Team UAlberta’s outreach initiatives were mainly focused on education. Initially, we did as all iGEM teams end up doing:. we reached out to high schools such as Archbishop Macdonald High School and set up presentations to explain synthetic biology and to demystify genetically modified organisms. However, after receiving feedback from the students whom we were presenting to, it was found that we didn’t achieve the impact we had hoped to.

In response to this, we reached out to Dr. Aberdeen at the University of Alberta who specializes in teacher education, and e discussed alternative strategies. . We discussed the role of formal education in students’ formative years, as well as how learning continues outside of a classroom setting, which we believe is something that is often overlooked. From this, we expanded our strategy so that we pay proper consideration to Canada’s diverse cultures and languages, as well as expanding our target audience from high school students to their parents, friends, and society as a whole.

From our discussions about our team’s preferred learning styles and the role of technology in education, as well as how to best leverage our team’s strengths for this undertaking, we concluded that the best medium sharing information would be through a video which can be accessed by anyone through our wiki. We planned to translate the video into many languages, striving to encompass Canada’s multicultural society.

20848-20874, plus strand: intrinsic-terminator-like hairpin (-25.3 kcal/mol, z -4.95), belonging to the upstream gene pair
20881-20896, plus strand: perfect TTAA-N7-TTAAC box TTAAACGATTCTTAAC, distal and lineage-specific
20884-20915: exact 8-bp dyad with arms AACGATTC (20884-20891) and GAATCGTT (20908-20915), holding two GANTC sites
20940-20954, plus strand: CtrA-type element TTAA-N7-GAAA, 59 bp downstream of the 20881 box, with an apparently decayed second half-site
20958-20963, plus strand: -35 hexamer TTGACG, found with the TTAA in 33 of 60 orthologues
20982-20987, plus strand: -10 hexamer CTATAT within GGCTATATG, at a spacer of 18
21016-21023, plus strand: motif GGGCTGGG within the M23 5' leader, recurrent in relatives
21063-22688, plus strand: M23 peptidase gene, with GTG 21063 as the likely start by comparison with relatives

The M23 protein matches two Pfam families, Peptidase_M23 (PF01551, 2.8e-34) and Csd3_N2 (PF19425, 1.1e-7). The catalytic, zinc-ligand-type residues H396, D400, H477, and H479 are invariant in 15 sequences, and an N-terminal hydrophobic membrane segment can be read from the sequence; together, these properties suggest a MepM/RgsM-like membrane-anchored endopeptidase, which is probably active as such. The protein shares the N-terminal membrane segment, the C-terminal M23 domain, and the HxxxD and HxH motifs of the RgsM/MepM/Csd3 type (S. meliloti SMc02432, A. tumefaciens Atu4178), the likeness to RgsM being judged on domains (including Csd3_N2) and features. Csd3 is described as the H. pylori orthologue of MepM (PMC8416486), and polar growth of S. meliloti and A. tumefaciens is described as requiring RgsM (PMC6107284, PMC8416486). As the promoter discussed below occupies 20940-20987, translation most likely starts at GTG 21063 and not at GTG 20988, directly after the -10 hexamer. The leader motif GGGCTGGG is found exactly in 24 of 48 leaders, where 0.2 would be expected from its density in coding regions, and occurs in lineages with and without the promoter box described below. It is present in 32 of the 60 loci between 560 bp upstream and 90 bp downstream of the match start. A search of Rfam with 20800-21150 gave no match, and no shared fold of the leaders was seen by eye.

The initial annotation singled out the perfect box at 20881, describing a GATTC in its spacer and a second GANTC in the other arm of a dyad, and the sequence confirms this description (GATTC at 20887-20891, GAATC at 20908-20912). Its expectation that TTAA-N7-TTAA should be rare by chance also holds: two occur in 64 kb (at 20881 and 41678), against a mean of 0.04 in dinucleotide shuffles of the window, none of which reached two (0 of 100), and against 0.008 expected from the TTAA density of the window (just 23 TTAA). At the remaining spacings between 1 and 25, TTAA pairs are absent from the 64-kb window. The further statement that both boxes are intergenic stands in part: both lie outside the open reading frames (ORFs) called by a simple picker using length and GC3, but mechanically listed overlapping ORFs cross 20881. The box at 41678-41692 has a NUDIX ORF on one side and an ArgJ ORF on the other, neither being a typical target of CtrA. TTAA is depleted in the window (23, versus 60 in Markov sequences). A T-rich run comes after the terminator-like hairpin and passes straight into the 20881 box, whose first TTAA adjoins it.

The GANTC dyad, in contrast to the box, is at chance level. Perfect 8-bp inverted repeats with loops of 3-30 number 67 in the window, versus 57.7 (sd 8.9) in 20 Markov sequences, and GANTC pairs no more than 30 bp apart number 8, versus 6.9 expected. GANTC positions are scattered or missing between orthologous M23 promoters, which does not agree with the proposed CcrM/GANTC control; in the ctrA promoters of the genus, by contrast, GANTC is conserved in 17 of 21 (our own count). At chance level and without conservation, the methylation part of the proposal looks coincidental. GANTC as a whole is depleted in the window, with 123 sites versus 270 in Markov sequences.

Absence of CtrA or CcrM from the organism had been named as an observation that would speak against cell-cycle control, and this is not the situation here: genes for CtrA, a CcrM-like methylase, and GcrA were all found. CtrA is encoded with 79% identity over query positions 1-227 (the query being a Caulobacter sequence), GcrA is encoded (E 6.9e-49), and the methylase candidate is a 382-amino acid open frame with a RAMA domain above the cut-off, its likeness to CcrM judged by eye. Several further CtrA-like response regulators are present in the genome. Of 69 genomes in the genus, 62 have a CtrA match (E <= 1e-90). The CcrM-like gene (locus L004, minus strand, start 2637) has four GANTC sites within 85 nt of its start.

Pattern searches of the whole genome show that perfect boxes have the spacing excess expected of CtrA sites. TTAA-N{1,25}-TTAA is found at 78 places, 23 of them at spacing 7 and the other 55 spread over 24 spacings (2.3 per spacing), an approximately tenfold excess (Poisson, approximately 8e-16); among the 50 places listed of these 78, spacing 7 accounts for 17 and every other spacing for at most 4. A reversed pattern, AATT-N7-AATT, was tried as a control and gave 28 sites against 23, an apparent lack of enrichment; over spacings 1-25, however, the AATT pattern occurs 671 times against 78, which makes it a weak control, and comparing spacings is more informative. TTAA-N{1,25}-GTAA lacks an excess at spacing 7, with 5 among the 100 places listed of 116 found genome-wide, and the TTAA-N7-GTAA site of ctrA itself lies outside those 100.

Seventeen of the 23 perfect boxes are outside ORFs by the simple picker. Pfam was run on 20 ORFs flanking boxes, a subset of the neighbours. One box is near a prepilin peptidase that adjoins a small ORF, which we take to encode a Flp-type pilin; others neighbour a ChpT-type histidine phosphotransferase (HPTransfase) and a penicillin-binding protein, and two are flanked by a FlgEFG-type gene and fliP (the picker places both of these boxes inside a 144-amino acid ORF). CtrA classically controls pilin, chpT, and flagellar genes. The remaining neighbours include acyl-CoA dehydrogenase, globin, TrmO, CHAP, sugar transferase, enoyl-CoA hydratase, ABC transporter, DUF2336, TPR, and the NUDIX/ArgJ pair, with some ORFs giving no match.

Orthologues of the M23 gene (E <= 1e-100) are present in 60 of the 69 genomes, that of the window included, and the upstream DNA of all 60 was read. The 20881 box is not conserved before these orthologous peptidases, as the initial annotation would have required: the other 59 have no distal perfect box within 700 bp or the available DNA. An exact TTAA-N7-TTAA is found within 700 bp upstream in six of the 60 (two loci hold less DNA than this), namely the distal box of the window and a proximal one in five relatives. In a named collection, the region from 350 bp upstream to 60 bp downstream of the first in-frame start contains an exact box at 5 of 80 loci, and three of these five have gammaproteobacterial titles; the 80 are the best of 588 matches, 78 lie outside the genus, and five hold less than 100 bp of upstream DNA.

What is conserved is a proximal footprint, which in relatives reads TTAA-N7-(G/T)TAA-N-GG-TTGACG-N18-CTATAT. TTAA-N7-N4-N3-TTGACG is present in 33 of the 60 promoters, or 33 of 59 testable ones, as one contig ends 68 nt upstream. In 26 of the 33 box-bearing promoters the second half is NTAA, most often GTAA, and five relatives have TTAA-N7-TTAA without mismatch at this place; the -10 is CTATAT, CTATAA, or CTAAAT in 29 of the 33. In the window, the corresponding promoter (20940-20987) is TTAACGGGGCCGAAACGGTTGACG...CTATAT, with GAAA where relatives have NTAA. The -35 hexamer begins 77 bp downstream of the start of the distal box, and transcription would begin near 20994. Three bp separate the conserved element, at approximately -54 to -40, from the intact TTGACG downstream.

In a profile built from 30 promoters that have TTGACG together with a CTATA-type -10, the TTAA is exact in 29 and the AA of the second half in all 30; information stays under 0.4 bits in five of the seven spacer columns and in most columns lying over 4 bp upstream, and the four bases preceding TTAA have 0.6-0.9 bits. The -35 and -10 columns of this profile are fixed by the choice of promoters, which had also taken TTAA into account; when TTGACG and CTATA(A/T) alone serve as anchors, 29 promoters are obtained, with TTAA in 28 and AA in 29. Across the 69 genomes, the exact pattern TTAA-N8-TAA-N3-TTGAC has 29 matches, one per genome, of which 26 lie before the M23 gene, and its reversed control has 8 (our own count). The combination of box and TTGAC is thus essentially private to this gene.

Afterwards, we developed a storyboard for what the video should cover, and decided that the importance of the Alberta science curriculum at the high school level should be stressed as it is a good starting point in providing a foundation for the future.

Dr. Ryan Noyce

While speaking to Dr. Trudie Aberdeen, we came to understand some of the barriers facing effective science communication to the general public, such as misrepresentation of the facts. At the same time, Dr. Ryan Noyce, a research associate in the Department of Medical Microbiology and Immunology at the University of Alberta, was encountering the same barriers. Dr. Noyce works in the lab of Dr. David Evans, which studies poxvirus. Specifically, Dr. Noyce has spent over a year re-engineering the horsepox virus. The virus has been hypothesized to have gone extinct, but Dr. Noyce believes that re-engineering it could work towards developing a safer vaccine for the deadly smallpox disease, a close relative of horsepox. His work on recreating horsepox received lots of attention and sparked much controversy in the media, both traditional and social. Inspired by his work and curious about his thoughts on the public’s response to his work, we sat down with Dr. Noyce to gain an understanding of how both mainstream and social media’s perception of his work influenced the information actually communicated to the public.